There is a beautiful interpretation of the Master and Slave dialectic in Hegel’s Phenomenology of Spirit. At first reading, the master is the slave’s master and can get him to do anything. He seems to have total freedom of action. At second reading, the slave seems deprived of his freedom, since he must fulfill all his master’s desires. At third reading, we realize that the master is in fact a slave to his own desires, and that the slave has succeeded in taming his desires, thus becoming his inner master. Perhaps we are also at times slaves of our own desires, mental constructs and cognitive biases. Wanting to act on every whim could be a strange take on freedom which destroys the social fabric since we become – with somewhat resigned cynicism – a plaything for moving thoughts and emotions that impair our judgment.

In A Guide to the Bodhisattvaʹs way of Life
2 , the great 8th century Indian Buddhist thinker Santideva gives another example : if someone hits us with a stick, we won’t be angry at the stick but rather at the person. In fact, he tells us, the person is like a stick in the hands of hatred, and that is our real enemy.

Unlike the individualist who mistakes freedom to do as he or she wills and true freedom which consists in mastering oneself, we understand the importance of considering interdependence and cooperation as essential components of caring and sustainable societies. Freeing ourselves from the dictatorship of egocentrism and the biases it carries along means being able to take our lives into our own hands, instead of abandoning them to tendencies forged out of habit.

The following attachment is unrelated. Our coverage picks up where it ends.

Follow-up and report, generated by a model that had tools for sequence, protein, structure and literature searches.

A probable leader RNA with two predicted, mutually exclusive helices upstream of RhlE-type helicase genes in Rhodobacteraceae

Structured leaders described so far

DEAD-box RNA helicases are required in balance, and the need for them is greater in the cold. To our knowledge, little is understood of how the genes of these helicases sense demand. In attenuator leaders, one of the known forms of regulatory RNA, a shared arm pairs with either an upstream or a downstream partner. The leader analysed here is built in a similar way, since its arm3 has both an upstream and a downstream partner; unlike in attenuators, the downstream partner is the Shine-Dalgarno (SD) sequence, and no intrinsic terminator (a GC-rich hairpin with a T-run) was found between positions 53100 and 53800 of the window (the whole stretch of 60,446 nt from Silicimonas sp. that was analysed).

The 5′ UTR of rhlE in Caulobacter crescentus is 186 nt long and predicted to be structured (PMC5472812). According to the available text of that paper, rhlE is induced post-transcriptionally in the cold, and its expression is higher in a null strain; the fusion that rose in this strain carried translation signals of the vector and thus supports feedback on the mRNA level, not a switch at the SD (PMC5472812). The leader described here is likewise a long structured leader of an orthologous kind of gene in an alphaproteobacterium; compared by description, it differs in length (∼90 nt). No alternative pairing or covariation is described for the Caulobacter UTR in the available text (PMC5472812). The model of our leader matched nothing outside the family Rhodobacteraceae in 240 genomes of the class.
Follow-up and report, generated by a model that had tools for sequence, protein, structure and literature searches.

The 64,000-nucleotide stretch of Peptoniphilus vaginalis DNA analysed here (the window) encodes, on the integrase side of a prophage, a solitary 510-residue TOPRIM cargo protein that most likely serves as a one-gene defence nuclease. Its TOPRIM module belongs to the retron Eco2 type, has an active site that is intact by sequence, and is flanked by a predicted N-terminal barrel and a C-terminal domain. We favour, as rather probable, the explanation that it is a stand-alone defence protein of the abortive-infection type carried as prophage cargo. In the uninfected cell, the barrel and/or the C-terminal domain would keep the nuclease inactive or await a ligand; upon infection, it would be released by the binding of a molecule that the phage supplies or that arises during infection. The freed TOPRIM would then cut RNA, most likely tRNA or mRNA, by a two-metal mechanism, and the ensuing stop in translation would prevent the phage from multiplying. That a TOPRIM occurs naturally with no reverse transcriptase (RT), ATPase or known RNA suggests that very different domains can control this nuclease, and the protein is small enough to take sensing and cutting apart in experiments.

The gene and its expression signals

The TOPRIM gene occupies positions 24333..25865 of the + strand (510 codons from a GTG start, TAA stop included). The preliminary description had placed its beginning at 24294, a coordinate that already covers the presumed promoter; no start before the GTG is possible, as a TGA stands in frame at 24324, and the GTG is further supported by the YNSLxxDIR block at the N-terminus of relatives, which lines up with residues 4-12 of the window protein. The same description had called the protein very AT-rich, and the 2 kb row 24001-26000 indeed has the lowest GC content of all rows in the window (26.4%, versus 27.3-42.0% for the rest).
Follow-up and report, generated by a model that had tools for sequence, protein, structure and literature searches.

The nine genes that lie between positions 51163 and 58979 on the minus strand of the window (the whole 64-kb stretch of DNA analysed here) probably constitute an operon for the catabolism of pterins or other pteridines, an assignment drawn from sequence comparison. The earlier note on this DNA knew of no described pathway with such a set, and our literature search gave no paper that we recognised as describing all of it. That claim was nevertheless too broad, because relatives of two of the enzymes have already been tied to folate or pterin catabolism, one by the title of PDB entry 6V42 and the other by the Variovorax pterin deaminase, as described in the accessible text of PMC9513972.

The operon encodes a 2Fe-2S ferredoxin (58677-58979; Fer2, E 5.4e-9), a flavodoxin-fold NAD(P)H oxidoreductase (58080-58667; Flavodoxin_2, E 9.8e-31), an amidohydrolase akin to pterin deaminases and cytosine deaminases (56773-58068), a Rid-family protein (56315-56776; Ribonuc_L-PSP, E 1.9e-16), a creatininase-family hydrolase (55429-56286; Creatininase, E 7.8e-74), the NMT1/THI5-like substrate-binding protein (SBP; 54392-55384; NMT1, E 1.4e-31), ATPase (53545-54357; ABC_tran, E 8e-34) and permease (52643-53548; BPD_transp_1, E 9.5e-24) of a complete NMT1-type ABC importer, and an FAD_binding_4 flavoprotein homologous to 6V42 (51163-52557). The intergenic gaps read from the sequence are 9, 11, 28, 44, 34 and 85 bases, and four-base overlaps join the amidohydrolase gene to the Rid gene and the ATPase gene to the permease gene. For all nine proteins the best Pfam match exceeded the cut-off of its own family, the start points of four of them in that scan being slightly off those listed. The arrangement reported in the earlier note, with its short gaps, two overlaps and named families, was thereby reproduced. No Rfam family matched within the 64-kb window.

It is fundamental today we consider the interdependence of all beings, both in the way they operate as well as in their shared aspiration to avoid suffering and experience well-being. An altruistic state of being can help alleviate inequalities and social injustice in the short term, promote the well-being of the population in the medium term, and in the long term adequately take into consideration the fate of future generations and of life in general. If a task may seem beyond our capacities at first, we can progress step by step. As the philosopher Pierre Levy wrote, « no one knows everything, but everyone knows something » ; we could say the same thing of action, « no one can do everything, but we can all do something ». The fact that journey may be long should not discourage us. The important thing is to know we are moving in the right direction. In this case, each step taken is rewarding and pushes us to persevere for the good of all beings.

Transdisciplinary studies by Gauthier Chapelle and Pablo Servigne show that it is possible to revive the key factors of change we all have in us. In their book Mutual Aid : The Other Law of the Jungle (2022), they quote an inspiring passage from Jean-Claude Ameisen’s book Dans le lumière et les ombres [In Light and Shadows] : « We need to enter in relationships with empathy, with what is unique, singular, wonderful, fragile and threatened in each human being, and in nature around us. And we must ask ourselves what we can do to protect, preserve, repair, heal, and prevent it from vanishing. […] With respect for the great vulnerability of those who brought us to life, those who surround us, and those who will outlive us. »

We need an enlightened education to bring to emphasize ideas of cooperation and solidarity rather than values of competition and indifference. A vision of an interdependent and connected world can be at the heart of what we pass on to future generations. This way, we may understand how interdependency and cooperation can remedy contemporary ills, and how the continuous practice of altruism may offer solutions to tomorrow’s challenges.

1 Layard, R., & Dunn, J. (2009). A Good Childhood: Searching for Values in a Competitive Age. Penguin, p. 6.

2 Shantideva. (2008). Bodhicaryâvatâra: A Guide to the Bodhisattva’s way of Life. Shambhala